» Engagements

San Francisco, CA
Presented at Professor Russell Jeung’s “Asian Americans and Public Policy” class, on deportation issues, to approximately 60 students.

» Engagements

Civic Center Plaza, San Francisco, CA

Spoke about acknowledging the violence plaguing our community and the necessity to build a movement to stop it.

» Engagements

“Invest In Your Community”

California State Building
Milton Marks Conference Center
San Francisco, CA.

Moderated and presented the workshop, “Keeping It Real: Image vs. Reality”, to over 250 youth.
About the event:

3rd Annual API Youth Summit

Presented by State Senator Mark Leno, CYC & AYAN

A day-long conference to empower Asian and Pacific Islander youth (age 14-20) through
workshops and presentations on topics including self-esteem, identity, conflict mediation,
violence prevention and building coalition.

» Engagements

Bay Area, CA
Presented on transformation, leadership and the Prison Industrial Complex, for a group of 12 youth leaders

» Engagements

Gordon J. Lau Elementary School, San Francisco, CA
Spoke about communication and violence prevention, to approximately 70 parents.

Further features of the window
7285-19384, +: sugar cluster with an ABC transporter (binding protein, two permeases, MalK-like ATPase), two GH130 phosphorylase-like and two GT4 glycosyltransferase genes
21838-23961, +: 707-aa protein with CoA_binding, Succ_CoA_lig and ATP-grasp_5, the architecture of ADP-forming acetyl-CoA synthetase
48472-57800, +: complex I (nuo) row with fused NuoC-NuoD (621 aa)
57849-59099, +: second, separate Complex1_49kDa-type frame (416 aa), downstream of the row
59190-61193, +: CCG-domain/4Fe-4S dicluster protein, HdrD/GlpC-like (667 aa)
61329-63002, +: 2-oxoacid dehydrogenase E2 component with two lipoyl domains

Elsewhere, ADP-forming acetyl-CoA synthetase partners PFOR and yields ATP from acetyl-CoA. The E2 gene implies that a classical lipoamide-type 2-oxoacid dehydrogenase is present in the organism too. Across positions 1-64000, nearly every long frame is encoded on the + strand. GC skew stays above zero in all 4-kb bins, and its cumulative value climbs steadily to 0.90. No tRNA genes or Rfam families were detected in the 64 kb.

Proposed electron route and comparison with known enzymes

» Engagements

Oakland, CA
Presented at Professor Roger Chung’s “Asian-American Communities” class, on the Prison Industrial Complex and the work of Asian Prisoners’ Support Committee (APSC), to approximately 60 students.

» Engagements

University of California, Los Angeles
Los Angeles, CA

Presented on “Other: an Asian Pacific Islander Prisoners Anthology” and the Prison Industrial Complex, to approximately 20 people.

» Engagements

Los Angeles, CA
Presented on “Other: an Asian Pacific Islander Prisoners Anthology” and the Prison Industrial Complex, to approximately 15 people.

» Engagements

San Francisco, CA
Spoke about racial tension and ending the cycle of violence, to approximately 150 people.

Eddy Zheng | Stop the Violence, Start the Healing

About the event:

Community Vigil to Address Violence and Racial Tension in Southeast San Francisco and Honor Life of Huan Chen

Chinese for Affirmative Action announced details of a Thursday, April 8, 6:30 p.m., community vigil to honor the life of Huan Chen, who passed away on March 19, and to raise awareness about the need to address violence and racial tension in Southeast San Francisco. Chen was attacked on March 22 on a light rail platform.